NC State’s own offensive line, which returns four starters, will be similarly dominant, relative to South Carolina’s defensive front.

It was 50th in adjusted line yards and tenth in adjusted sack rate, even as a largely inexperienced unit, this time in 2016. Comparatively, South Carolina’s defensive front was 65th in adjusted line yards, 76th in sack rate, and 81st in front seven havoc rate. That’s bad news for a South Carolina team that is not necessarily on the uptick -- they have to replace both starting defensive ends -- and, at best, will take some time to find some semblance of cohesion.

Even with NC State’s advantage along the offensive line, however, it’s tough to say how effectively it will be able to move the ball.

Quarterback Ryan Finley was reliable, but little more than a game manager in his first season as a starter, and does not offer much in the way of stretching defenses over the top. His top receiver, Stephen Louis is back, as is all-purpose dynamo Jaylen Samuels, and he did lead the team to a final ranking of 31 in offensive passing S&P+ (a Football Outsiders combined metric that measure efficiency, explosiveness, field position, finishing drives, and turnovers).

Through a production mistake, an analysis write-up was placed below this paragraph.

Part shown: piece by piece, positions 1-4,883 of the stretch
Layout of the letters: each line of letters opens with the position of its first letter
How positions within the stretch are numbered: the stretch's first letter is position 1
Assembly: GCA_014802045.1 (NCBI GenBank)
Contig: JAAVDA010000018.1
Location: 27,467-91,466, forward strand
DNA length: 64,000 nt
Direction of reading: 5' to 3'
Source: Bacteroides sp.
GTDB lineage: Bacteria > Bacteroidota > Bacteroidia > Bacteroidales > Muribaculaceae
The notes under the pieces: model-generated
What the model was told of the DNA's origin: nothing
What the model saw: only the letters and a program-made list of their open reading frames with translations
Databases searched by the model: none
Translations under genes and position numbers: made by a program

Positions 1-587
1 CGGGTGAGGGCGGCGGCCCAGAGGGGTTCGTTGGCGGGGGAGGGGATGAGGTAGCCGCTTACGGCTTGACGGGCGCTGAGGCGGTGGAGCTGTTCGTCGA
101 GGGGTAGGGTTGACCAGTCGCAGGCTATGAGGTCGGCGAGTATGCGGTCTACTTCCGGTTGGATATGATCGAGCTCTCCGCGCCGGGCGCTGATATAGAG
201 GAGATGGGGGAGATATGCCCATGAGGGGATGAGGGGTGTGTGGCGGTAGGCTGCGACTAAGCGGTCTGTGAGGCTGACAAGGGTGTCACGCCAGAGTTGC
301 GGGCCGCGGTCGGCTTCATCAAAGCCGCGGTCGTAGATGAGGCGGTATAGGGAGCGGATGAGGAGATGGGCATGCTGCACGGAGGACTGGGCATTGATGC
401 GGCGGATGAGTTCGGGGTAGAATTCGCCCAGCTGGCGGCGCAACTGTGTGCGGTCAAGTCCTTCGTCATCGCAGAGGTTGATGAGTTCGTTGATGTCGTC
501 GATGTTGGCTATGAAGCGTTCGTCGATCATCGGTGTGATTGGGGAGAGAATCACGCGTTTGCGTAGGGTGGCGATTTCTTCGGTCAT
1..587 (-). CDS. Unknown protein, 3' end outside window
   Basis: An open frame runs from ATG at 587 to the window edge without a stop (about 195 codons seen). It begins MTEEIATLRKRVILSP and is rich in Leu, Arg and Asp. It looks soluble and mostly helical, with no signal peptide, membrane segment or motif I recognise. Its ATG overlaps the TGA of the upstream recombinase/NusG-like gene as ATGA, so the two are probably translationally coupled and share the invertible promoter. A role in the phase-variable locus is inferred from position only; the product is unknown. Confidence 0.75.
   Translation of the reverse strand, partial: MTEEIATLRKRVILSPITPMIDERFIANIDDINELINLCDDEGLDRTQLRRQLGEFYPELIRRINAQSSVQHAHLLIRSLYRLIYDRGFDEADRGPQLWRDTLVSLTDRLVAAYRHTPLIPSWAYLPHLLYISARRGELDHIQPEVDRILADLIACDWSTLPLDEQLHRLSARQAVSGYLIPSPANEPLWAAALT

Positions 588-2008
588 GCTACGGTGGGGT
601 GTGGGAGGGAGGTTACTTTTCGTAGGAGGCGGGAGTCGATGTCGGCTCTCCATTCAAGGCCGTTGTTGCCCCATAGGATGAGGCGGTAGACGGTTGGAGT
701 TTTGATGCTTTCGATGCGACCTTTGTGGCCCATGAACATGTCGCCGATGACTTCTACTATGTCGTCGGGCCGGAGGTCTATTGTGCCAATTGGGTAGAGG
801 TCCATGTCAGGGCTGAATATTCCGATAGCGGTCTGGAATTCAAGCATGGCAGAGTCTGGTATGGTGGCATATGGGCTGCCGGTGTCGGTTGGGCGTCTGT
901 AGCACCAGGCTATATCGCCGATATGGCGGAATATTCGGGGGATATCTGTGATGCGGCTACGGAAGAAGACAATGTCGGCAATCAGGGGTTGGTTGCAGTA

The strength of South Carolina’s defense, at least in the early going, will be the secondary, though, with every starter coming back. They were 46th in defensive passing S&P+, with D.J. Smith, Steven Montac, Rashad Fenton, Jamarcus King, all back and improving, plus highly touted Jamyest Williams making their increasingly utilized nickel defense the most effective placement of talent, on that side of the ball.

If South Carolina’s defensive backfield improved even incrementally, over the offseason, it could be enough to greatly mitigate NC State’s efficient, yet limited, passing attack.

Should it become necessary to turn to the running game, there are notable questions for the Wolfpack, a team that tries for nearly even balance in the first place.

In the wake of Matt Dayes’ departure, converted wideout Nyheim Hines has big shoes to fill. Even with Dayes, NC State was just 66th in offensive rushing S&P+, and picked up at least five yards (when five or more yards were available -- henceforth referred to as opportunity rate) on 38.2% of carries, a pedestrian 84th overall.